Toy train, Kasauli

The toy train is one of the most fascinating charm for the tourists visiting Kasauli, but Kasauli does not have a railways station. Lately the train has been recognized as one of the heritage possessions in India. The toy train ply from Kalka railway station to Shimla, and the nearest railway station from Kasauli, is in Dharampur which is approximately 13 km from Kasauli.

The train take a total of 5 hours from Kalka to Shimla. If one catches the train from Dharampur railway station time taken by the train is approx 4 hours. The train accelerates at a low speed of max 40 kmph, and passes through various tunnels in the journey.

Best is to catch the train from Dharampur and get down at the Solan railways station to enjoy the journey, which takes about an hour or so. One may board the train from Dharampur railway station and ask the cab driver to pick them up from Solan railways station, or one if has not come by own car may hire a cab from Solan railway station and come back to Kasauli by road.

The train halts at Dharampur railway station for a mere 5 minutes, so one has to be at the railway station well before time and procure the train tickets to enjoy the ride.

Toy trains from Kalka to Shimla along with train name and timings are given below for reference :-

a. Kalka to Shimla – Express Toy Train

Kalka to Shimla Express Toy Train Route and Timings


b. Kalka to Shimla – Himalyan Queen Toy Train

Kalka to Shimla Himalyan Queen Toy Train Route and Timings


c. Kalka to Shimla – Pass Route Toy Train

Kalka to Shimla Pass Route Toy Train Route and Timings

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Doordarshan Kendra, TV Tower, Kasauli

The Doordarsh Kendra of Kasauli is located just 300 meters from the famous Kasauli club, on the upper mall. The TV tower is sky high and clearly marks the Kasauli hills from plains, even from Chandigarh, Panchkula and Mohali too.

The Doordarshan Kendra of Kasauli (A Government Undertaking) was established here in early 80s. The unit serves many districts of Punjab, Haryana and Himachal Pradesh too.

In addition the Doordarshan Kendra of Kasauli bagged the best maintained high power transmitter award at the fifth Doordarshan annual awards function held at Mumbai on 16 November 2005.

Mr. M.S Duhan, Station Engineer of the Doordarshan Kendra of Kasauli, received the award from Ms. Ila Arun, prominent Bollywood personality. The chief guest of the function was the Chief Minister of Maharashtra, Mr. Vilash Rao Deshmukh.

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Central Research Institute, Kasauli (CRI)

Central Research Institute, Kasauli (CRI) also known and famous as the pastures institute is an Establishment which was founded by the Government of India around 105 years back, originally for production of antidotes for rabies (which is caused when a healthy human is bitten by mad dog). Ironically the rabies vaccination was invented here only.

Slowly CRI developed into a full fledged research center for various other conditions like yellow fever and snake bites also. Till date also inoculations for yellow fever, snake bite and rabies are served to people suffering from respective conditions, and many people suffering from these conditions from various parts of the country arrive to CRI Kasauli, to get treatment.

This institute was established by Sir David Semple in 1904, who was also the first director of this institute. CRI also works for the World Health Organization (WHO) that is also very well known immunology and biological research organization.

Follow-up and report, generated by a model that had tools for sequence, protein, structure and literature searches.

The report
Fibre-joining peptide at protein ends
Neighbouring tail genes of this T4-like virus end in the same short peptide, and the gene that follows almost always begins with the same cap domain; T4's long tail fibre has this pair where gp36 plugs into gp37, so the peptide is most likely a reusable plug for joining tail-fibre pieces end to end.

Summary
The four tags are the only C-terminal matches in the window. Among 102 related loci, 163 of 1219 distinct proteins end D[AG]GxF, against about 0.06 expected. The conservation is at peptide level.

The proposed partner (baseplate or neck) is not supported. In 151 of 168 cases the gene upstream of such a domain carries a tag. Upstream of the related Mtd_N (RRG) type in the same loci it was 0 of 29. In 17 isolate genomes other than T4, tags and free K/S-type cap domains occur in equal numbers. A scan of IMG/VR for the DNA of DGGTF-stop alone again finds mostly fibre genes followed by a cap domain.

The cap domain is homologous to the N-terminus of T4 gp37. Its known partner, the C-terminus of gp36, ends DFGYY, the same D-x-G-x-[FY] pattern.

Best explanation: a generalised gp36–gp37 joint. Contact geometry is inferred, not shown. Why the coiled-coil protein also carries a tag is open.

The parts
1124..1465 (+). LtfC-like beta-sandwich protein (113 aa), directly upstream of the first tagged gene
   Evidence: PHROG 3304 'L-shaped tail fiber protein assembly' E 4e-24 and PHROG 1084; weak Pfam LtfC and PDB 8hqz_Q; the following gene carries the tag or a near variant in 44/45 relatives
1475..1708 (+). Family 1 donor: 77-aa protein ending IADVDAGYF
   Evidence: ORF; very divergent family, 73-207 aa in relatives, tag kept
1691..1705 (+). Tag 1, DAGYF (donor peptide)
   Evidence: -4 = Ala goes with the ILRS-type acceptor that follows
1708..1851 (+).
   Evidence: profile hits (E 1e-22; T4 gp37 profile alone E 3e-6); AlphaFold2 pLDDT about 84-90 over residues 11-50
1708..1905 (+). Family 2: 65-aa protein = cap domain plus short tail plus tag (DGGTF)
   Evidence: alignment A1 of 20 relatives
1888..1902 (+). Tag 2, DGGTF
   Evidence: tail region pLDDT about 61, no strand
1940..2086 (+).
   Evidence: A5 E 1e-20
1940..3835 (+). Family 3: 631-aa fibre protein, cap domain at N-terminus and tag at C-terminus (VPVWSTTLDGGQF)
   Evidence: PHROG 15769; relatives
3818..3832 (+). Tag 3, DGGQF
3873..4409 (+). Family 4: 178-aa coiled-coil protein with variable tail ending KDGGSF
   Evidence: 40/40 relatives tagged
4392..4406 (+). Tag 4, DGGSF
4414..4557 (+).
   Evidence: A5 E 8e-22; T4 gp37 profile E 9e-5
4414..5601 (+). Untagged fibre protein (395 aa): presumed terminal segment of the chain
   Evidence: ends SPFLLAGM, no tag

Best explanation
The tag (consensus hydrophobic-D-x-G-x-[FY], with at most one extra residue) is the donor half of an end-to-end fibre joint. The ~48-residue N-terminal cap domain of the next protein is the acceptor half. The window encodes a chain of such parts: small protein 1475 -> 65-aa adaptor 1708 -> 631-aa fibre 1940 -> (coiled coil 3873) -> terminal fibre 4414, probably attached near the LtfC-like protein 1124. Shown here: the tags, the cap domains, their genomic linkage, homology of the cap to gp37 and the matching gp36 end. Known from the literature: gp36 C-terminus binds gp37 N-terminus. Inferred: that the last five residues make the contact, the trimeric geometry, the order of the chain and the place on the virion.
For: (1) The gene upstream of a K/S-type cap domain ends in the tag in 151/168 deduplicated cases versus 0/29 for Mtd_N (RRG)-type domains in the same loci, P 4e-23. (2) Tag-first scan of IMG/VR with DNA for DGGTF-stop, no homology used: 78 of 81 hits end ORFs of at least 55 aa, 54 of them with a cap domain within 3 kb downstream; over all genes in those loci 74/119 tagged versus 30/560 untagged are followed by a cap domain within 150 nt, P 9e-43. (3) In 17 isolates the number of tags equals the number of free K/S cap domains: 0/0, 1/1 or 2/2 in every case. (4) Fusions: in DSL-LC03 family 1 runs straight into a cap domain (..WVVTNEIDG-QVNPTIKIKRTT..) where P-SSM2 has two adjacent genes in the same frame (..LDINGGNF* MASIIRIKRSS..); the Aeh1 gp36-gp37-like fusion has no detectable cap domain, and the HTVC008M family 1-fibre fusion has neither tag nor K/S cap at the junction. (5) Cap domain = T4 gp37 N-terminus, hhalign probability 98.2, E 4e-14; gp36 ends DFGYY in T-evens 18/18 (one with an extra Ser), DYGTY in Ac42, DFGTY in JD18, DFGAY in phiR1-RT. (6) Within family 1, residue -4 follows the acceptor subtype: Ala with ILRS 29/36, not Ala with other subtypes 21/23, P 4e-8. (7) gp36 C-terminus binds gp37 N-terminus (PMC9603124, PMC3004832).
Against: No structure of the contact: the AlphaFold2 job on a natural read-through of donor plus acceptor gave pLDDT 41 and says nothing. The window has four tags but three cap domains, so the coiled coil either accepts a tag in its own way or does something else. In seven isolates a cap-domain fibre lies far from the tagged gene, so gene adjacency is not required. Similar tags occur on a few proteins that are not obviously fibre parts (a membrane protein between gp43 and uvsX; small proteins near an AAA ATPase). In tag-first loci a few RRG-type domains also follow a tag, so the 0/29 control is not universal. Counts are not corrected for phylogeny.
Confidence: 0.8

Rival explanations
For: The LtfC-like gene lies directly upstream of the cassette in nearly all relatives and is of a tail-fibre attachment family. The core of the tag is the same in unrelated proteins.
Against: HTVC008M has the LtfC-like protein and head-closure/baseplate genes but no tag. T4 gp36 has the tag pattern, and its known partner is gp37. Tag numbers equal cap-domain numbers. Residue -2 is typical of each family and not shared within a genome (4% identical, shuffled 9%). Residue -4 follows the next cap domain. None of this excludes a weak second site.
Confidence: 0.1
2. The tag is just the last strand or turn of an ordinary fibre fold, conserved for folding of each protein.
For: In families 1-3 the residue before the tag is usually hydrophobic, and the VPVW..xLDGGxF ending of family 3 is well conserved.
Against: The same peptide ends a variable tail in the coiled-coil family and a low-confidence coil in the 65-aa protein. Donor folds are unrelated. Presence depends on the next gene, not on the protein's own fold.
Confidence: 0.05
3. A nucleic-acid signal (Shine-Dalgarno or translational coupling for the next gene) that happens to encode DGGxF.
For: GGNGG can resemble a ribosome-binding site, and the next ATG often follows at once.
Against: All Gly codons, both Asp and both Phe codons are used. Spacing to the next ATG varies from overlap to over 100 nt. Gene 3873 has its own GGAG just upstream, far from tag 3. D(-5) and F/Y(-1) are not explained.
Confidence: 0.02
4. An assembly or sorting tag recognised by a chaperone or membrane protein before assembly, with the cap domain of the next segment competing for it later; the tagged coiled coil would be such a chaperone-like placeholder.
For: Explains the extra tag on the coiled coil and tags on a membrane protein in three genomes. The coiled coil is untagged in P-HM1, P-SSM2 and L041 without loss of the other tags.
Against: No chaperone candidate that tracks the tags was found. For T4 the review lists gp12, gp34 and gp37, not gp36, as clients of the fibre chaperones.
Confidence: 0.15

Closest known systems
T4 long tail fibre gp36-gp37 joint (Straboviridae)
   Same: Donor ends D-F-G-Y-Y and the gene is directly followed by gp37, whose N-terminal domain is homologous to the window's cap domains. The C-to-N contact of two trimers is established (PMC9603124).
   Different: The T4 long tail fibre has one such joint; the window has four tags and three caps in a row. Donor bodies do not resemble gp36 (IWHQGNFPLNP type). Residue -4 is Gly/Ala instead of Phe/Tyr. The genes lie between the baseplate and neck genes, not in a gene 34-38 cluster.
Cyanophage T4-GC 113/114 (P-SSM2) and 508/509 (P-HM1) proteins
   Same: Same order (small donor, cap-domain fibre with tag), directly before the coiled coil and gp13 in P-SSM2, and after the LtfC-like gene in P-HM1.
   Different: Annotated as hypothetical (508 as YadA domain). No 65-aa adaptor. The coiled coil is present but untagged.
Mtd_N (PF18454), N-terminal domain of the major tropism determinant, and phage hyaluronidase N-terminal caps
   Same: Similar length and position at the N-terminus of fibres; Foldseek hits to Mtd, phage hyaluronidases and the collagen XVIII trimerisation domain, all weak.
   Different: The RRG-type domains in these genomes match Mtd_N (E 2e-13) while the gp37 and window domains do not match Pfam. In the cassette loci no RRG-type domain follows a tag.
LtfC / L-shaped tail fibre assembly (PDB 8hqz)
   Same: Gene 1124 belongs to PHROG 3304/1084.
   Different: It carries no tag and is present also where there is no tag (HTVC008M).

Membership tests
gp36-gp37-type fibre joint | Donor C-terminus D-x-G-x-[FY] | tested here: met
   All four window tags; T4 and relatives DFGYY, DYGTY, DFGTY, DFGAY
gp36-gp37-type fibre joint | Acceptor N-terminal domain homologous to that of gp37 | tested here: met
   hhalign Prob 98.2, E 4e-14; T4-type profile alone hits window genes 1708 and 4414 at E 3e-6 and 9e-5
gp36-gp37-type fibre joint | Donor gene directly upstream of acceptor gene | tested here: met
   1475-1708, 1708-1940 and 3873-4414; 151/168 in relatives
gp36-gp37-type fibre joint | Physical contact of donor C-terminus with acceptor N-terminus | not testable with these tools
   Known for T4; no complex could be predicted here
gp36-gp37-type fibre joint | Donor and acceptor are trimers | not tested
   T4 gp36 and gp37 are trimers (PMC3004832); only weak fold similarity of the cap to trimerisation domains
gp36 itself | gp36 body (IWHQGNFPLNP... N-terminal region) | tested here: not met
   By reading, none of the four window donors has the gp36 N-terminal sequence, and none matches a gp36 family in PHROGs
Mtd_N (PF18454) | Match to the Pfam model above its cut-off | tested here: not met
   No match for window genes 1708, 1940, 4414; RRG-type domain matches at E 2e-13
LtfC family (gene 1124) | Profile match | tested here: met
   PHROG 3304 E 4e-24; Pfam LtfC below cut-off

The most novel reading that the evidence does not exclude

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Kasauli Club

The Kasauli Club (Ltd.) was established here in 1880 and has a reputation that extends beyond this little town. Located on the Upper Mall (at a height of6142 feet), this Club in Kasauli has a tradition that has been kept intact over the years. Stepping in, under the welcoming arch of pink roses, one virtually steps hack many decades in time. The boundary of the Kasauli Club could he seen marked with wine-racks, which once used to hold the finest wines.

Later in January 1898, the Club was registered at Office of the Registrar, Lahore. Residential quarters were soon added to the Club. During the season, only men were allowed accommodation, while the ladies too were allowed to reside in winters, if vacancies occurred. However, the presence of ladies in other than selected rooms of the Club, was then frowned upon.

The Club had three lively cozy bars, a comfortable lounge, a well-stocked library (housing many priceless and rare books), a ballroom, a busy card room, a billiards room and an exclusive dining room. This Club in Kasauli, was meant only for the English besides a few highly placed Indians. Even the servants with the members were not allowed inside. Parties were held at the Kasauli Club occasionally and dances usually took place twice a week. The British officials used to visit the place with their wives to dance and dine especially on Saturday nights.

The Club boasted of six tennis courts, which were watered and mowed daily for their upkeep, a squash court and a badminton court. The tennis courts were rolled and neatly marked before the commencement of play. A leveled shelf served as a grand stand above the courts to allow spectators a view of the match while sipping tea. These tennis teas on the terrace above the courts became famous throughout the Northern region.

Lawn tennis was strictly to be played in proper tennis shoes and those found transgressing the rule were fined heavily. The Club’s annual tennis tournaments drew players from as far as Lahore, Delhi, Ambala, Ferozepur and at times even from Bombay and Calcutta. The first ‘Kasauli Week’ at the Club (8th-15th June, 1922) had programs including a tennis tournament for the handicapped: ladies and men’s singles, doubles and mixed double matches; evening theatricals and concerts, dinner dances with bands in attendance and lantern picnics. Today, only a few old deodar trees, standing as sentinels, shade these tennis courts, which now bear a deserted look.

The Saturday dinner-dances and Wednesday cocktail dances were splendid affairs, with two bands in attendance and gentlemen officers and their ladies coming from neighboring cantonments and hill stations. Mr. Dc Costa’s Goan band used to play enchanting tunes for the Club’s Saturday dances. Sunday lunches and beer sessions were also quiet popular.